Enterprising journalist Scott Reeder has proven what critics of K-12 teacher tenure have long surmised: it's nearly impossible to fire a tenured teacher. He collected every instance of disciplinary action, which no doubt includes everything from moral turpitude to ineffectiveness in the classroom, taken against a tenured teacher in Illinois's 876 districts over the past 18 years. The results:

- Just 61 of those districts even attempted to fire a tenured faculty member

- Of the 61 that tried, only 38 succeeded

- Of the state's 95,000 tenured educators, only 2, on average, are fired for poor job performance each year. (That equates to .002 percent.)

It costs a district, on average, $100,000+ in attorneys' fees to fire a teacher. Genesco Public Schools has been trying to fire Cecil Roth for five years for poor job performance and has spent $400,000 so far. The case is still on appeal. So bad is the problem that a number of schools have resorted to quietly paying off poor-performing teachers instead of firing them. Because these pay-offs include confidentiality agreements, no one knows how many tax dollars have been used in this way. This all means that, once tenured, teachers are essentially untouchable. Says Cicero Elementary School superintendent Clyde Senters: "There is not a lot that can be done to hold them accountable - because of tenure."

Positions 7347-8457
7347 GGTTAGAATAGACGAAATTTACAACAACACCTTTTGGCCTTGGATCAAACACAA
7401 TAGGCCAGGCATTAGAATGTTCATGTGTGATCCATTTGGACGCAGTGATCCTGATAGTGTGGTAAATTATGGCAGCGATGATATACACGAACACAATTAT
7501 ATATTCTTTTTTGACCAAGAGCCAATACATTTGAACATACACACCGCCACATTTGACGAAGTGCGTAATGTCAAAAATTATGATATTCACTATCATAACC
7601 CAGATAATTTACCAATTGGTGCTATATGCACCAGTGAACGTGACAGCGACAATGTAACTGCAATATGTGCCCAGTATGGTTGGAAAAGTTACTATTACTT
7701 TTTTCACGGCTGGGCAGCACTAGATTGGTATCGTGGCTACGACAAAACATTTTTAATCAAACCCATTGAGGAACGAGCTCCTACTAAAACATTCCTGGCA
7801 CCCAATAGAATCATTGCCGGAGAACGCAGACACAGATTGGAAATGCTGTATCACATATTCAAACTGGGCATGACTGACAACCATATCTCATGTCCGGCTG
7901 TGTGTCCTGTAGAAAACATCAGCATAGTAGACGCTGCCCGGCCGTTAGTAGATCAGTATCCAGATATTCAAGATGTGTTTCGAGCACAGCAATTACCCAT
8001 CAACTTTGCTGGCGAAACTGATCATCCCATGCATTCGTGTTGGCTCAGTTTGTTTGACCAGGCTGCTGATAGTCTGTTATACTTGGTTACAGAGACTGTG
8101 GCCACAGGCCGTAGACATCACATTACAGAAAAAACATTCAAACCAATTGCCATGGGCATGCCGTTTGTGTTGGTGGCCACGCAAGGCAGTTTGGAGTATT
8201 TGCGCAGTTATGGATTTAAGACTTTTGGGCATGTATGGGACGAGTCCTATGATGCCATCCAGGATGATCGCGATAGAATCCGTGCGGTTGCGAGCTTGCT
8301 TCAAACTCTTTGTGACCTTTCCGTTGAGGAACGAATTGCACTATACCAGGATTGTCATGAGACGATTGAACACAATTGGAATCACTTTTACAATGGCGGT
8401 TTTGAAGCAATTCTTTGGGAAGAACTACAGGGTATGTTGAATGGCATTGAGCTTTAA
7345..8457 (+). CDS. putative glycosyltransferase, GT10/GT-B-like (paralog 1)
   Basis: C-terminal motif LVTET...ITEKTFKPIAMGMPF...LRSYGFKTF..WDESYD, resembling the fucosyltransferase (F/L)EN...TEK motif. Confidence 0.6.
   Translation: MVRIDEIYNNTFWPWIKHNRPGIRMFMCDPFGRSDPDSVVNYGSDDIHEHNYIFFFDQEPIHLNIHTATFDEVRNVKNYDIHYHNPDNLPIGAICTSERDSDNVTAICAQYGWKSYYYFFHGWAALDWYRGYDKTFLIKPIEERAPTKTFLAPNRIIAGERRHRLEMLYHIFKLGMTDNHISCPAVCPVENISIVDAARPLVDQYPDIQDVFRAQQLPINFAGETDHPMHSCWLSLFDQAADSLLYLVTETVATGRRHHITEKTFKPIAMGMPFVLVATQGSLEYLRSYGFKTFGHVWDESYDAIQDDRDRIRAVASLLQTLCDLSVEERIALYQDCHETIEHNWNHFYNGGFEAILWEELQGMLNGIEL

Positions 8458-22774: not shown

"Tenure frustrates drive for teacher accountability," by Scott Reeder, Small Newspaper Group

"Protecting mediocre teachers," Chicago Tribune, December 9, 2005 (Free registration required)

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